Synopses & Reviews
At last count, Martyn Cox had more than 250 different plants growing in his 600-square-foot garden in London. He knows from experience that you don't need a lot of space to have an exuberant garden. Big Gardens in Small Spaces
provides boundless inspiration and ingeniously practical solutions for taking advantage of every square inch of a small space -- including gardening in shady corners, on rooftops, around doorways, and in the cracks of pavement.
His ideas are stunningly simple to follow: squeeze as many plants as you can into your garden by any means possible; grow your own fruit, vegetables and herbs; seek out rare, unusual and bizarre plants; don't pay for something you can make or do yourself; learn from nature; welcome change, and most of all enjoy the garden. The happy results? Apparently unuseable spaces become home to myriad plants. Sempervivums and aeoniums nestle in wall crevices, hardy annuals bloom between slabs of pavement, and a grapevine climbs around the back door. Carefully chosen larger plants like bananas, bamboos, and trees find themselves entirely at home. Cox also recommends fruit trees, herbs, and vegetables.
There are many books on small gardens, but they tend to focus on design at the expense of the plants. Big Gardens in Small Spaces proves this doesn't have to be the case: Follow the advice and a small garden full of healthy, happy plants will be yours.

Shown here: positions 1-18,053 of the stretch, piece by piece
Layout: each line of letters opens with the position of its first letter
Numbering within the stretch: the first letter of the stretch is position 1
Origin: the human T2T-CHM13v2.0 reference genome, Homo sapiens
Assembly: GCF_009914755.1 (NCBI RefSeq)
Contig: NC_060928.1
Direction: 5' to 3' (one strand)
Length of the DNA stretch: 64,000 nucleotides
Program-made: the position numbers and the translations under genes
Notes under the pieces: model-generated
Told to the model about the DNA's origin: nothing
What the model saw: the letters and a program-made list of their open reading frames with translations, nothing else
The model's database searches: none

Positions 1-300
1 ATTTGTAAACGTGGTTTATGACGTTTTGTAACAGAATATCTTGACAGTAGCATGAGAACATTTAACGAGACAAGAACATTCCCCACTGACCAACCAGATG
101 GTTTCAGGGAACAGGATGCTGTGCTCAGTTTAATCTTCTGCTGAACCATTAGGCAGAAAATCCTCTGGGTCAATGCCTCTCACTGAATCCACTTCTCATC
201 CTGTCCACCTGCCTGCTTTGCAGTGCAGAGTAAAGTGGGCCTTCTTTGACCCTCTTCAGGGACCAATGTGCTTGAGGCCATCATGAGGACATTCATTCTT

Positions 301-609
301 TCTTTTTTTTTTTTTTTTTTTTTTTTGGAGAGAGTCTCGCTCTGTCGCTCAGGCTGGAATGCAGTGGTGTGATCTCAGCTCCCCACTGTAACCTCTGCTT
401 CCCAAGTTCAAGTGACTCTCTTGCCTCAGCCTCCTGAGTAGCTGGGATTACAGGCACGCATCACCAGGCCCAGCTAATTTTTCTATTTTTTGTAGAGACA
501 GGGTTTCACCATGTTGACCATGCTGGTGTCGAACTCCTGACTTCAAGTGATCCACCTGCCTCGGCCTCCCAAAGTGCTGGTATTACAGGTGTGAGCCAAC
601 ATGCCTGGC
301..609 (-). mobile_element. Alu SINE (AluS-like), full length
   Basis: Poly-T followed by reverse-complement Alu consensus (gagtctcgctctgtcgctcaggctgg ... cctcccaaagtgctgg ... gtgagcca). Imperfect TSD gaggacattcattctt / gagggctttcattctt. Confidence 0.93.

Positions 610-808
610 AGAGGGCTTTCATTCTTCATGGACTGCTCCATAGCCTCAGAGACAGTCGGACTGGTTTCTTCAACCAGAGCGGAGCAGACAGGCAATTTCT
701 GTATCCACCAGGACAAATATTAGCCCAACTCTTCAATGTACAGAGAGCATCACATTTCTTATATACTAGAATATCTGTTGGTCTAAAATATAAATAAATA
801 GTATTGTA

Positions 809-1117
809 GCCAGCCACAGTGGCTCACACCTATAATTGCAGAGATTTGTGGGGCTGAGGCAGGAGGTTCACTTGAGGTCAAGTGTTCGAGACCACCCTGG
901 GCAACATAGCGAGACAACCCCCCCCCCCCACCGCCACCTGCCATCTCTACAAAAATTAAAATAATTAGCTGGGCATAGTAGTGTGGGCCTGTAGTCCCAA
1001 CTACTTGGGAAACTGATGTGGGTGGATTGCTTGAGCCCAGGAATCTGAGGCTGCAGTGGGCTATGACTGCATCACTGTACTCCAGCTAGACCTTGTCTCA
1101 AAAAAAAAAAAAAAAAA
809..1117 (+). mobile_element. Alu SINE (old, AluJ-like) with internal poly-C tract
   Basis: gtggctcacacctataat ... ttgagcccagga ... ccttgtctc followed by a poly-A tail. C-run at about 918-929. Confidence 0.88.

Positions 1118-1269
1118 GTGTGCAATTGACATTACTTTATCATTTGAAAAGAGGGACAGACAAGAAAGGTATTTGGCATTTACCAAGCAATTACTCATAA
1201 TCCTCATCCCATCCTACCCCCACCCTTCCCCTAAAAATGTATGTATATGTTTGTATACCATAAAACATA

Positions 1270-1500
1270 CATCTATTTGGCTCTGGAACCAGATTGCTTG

About the Author
Martyn Cox trained in horticulture at Writtle College, Essex, and has many years' practical gardening experience. He is the former features editor of BBC Gardeners' World Magazine, deputy editor of award-winning Gardenlife and was on the editorial teams at Amateur Gardening and Horticulture Week. Now freelance, he writes a weekly gardening column in The Mail on Sunday, and monthly for Saga Magazine, saga.co.uk and Grow It. Martyn contributes regularly for many other titles, including The Guardian, Grand Designs, The English Garden, Sainsbury's Magazine and The Times Magazine. He is a member of the Garden Media Guild committee and was consultant editor to Sir Terence Conran on his book Outdoors. Martyn Cox is author of RHSWildlife Garden (Dorling Kindersley 2009), 101 Ideas for Small Gardens (BBC Books 2009), Gardening with Kids (Ryland, Peters and Small 2008) and 101 Plants for Problem Places (BBC Books 2008). He was a contributor to RHS New Encyclopaedia of Gardening Techniques (Mitchell Beazley 2008). Martyn has a small, plant-packed garden in East London, which he shares with his partner and two young children.